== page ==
Training Secret Agents

In 1941, Britain’s attempt to ward off the German assault had failed.  Resistance fighters were being hunted down.  In the United States, President Roosevelt did not want Britain to stand alone; we were not yet in the fight.  A secret plan unfolded to produce highly trained secret agents.  In the United States, there were no secret agents.  No one had any such background.  It would have to come from the British who needed the Americans to join in the secret war.  We were neutral at the time, so it had to be done in Canada, which was already in the war.

Camp X, Special Training School #103, east of Toronto, Ontario was the first secret agent training school in America.  It came into existence in Fall 1941, bringing the Unites States, Canada, and Great Britain together.


Camp XCredit: Wikimedia

                                         Camp X Monument in Whitby, Ontario - Wikimedia

Training Manual

An army of trained agents was needed, real-life James Bonds, who would cause chaos after their specialized training.  A top secret Training Manual was written by Paul Dehn, who had been a film critic drafted into training agents.  It was an incredible manual, teaching future agents how to attack the opponent’s weakest points, how to hide in plain sight, to attack from the rear, to kill with their bare hands, and carry on clandestine warfare.  It was not until many years later that it was revealed that Kim Philby, the most infamous Soviet spy, was a co-writer of the manual with Paul Dehn.  Philby’s unveiling was a complete revelation to Paul Dehn.  It is highly likely that Kim Philby would have sent this information to the Russians who then learned how Americans trained their spies.  This incident fell through the cracks of history.


Kim PhilbyCredit: Wikimedia Commons

                                            Kim Philby, Infamous Soviet Spy - Wikimedia

Historian David O’Keefe traveled to the British National Archives when the manual created for Camp X entitled “The Secret Agent Training Manual” became declassified.  The Machiavellian quality in the writing and the level of detail were extraordinary.  It was the most comprehensive document of its type in existence.  Agents were told to be inconspicuous and average in their habits with regard to women and drink.  They were building the perfect beast.


Camp X PlaqueCredit: Wikimedia Commons

                                                         Camp X Plaques - Wikimedia

The Office of Strategic Services (OSS)

Camp X in Canada was opened on December 6, 1941, the day before Pearl Harbor thrust the United States into the conflict.  The very best men were recruited for the Office of Strategic Services (OSS) which was the forerunner of the Central Intelligence Agency (CIA).  They sought people who could do any job.  They wanted a Ph.D. who could win a bar fight.  Ian Fleming, who wrote the James Bond series, claimed that he was trained at Camp X.  There is no evidence of that; in fact, 3000 people have claimed that they went to Camp X.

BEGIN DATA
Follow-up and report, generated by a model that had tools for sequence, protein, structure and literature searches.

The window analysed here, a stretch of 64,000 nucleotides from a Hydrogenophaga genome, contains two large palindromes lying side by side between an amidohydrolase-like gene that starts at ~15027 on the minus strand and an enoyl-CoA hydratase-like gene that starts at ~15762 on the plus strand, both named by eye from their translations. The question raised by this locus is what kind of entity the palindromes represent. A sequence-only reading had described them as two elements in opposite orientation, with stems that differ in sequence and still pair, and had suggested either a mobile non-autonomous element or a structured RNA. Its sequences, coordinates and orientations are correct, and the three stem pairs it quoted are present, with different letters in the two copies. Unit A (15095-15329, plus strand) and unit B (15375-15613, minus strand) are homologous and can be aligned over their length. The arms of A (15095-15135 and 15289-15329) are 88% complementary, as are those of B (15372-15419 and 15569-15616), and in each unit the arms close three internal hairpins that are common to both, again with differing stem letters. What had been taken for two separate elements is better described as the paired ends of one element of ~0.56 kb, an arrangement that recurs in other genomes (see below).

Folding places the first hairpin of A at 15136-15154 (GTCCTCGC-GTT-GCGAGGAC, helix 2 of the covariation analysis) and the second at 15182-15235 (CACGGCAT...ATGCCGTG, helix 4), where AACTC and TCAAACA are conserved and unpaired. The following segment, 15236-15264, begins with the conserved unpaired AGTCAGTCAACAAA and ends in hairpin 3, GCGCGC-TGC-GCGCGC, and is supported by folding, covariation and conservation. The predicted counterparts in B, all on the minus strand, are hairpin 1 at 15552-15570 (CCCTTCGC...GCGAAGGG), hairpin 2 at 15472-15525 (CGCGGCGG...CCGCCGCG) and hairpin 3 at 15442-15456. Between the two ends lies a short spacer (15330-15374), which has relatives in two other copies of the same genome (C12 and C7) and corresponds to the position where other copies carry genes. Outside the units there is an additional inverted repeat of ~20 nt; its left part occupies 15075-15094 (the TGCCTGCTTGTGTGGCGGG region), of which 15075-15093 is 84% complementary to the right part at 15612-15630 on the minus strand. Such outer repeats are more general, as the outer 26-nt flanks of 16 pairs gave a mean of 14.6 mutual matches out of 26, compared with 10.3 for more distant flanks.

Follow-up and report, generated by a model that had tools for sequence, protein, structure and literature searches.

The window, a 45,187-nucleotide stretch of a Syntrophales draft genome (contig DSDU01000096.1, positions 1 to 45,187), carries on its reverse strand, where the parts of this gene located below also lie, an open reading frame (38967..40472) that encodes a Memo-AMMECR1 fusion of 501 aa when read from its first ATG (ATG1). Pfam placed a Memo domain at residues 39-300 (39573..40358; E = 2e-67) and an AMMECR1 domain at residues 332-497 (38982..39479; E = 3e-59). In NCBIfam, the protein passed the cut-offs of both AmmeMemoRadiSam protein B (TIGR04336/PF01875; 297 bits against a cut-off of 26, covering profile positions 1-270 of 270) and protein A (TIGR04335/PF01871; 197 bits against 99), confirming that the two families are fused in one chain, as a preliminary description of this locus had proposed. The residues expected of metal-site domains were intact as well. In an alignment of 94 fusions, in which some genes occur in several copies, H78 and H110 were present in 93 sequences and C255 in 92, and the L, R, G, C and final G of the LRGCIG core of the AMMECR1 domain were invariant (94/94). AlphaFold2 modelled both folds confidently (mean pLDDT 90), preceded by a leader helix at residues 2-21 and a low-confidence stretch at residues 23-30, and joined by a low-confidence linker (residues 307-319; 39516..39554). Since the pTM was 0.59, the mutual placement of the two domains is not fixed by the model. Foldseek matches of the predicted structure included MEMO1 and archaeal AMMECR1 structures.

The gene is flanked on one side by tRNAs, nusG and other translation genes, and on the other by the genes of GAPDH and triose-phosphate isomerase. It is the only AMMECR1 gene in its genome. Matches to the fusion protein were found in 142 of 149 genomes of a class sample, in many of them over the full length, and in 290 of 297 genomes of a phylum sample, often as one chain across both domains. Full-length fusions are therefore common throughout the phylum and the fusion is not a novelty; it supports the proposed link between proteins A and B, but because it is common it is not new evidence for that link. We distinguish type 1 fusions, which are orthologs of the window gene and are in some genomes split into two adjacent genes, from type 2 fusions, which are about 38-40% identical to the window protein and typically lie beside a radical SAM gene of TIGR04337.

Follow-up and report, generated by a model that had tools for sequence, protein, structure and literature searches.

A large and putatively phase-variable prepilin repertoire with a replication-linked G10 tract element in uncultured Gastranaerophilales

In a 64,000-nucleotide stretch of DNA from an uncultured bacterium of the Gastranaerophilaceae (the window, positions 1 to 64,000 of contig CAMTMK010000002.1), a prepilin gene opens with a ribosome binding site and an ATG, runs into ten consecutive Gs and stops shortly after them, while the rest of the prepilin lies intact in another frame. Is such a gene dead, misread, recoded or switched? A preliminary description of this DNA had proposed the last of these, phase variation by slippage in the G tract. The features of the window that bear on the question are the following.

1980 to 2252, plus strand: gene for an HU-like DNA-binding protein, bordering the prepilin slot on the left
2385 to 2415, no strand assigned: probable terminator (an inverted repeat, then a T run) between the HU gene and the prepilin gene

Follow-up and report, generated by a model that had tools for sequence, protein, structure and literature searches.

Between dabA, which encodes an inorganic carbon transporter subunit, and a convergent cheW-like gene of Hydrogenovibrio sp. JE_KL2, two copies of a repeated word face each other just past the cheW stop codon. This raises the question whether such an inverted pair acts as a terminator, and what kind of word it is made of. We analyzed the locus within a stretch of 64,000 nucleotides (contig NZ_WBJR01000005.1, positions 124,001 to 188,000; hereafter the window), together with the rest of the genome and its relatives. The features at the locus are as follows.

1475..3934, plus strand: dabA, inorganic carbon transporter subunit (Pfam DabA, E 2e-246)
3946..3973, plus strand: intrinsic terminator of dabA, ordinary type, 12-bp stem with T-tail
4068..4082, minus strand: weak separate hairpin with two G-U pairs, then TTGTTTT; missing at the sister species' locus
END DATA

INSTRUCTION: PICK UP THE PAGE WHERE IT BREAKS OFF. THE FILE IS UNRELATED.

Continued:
The recruits for Camp X were told that they were going to Spy School.  Their first day was an introduction to explosive and decimation devices.  An impromptu exercise occurred.  Shots were fired over the students’ heads, which shocked them all. They were then asked how many shots were fired.  It was a test of their reaction to surprise.  Americans had never had training like this.

By Spring 1942, Camp X was fully operational.  Trainees were given insight into the realities of secret warfare, and how to perform covert operations behind enemy lines.  They had to match the enemy’s ruthlessness.  Hitler had given an order that all spies would be regarded as terrorists and would be killed on sight.


German U-BoatCredit: Wikimedia Commons

                                                               German U-Boat - Wikimedia

Hydra - Decoding German U-Boat Messages

Britain was suffering at the hands of Germany who was dominating on land and sea.  U-Boats threatened supplies coming from North and South America.  Camp X was also a top secret Communications place.  Its code name at Camp X was Hydra.  The allies needed to crack the German code in U-Boat messages.  A decoded message had to be acted upon immediately.  Former Agent Winifred Gardner stated that this operation was the most highly classified of all intelligence.  The Americans, Canadians and British all worked together.  The decoding started to pay off.  U-Boats were destroyed.  Germany started to lose its stronghold over Great Britain.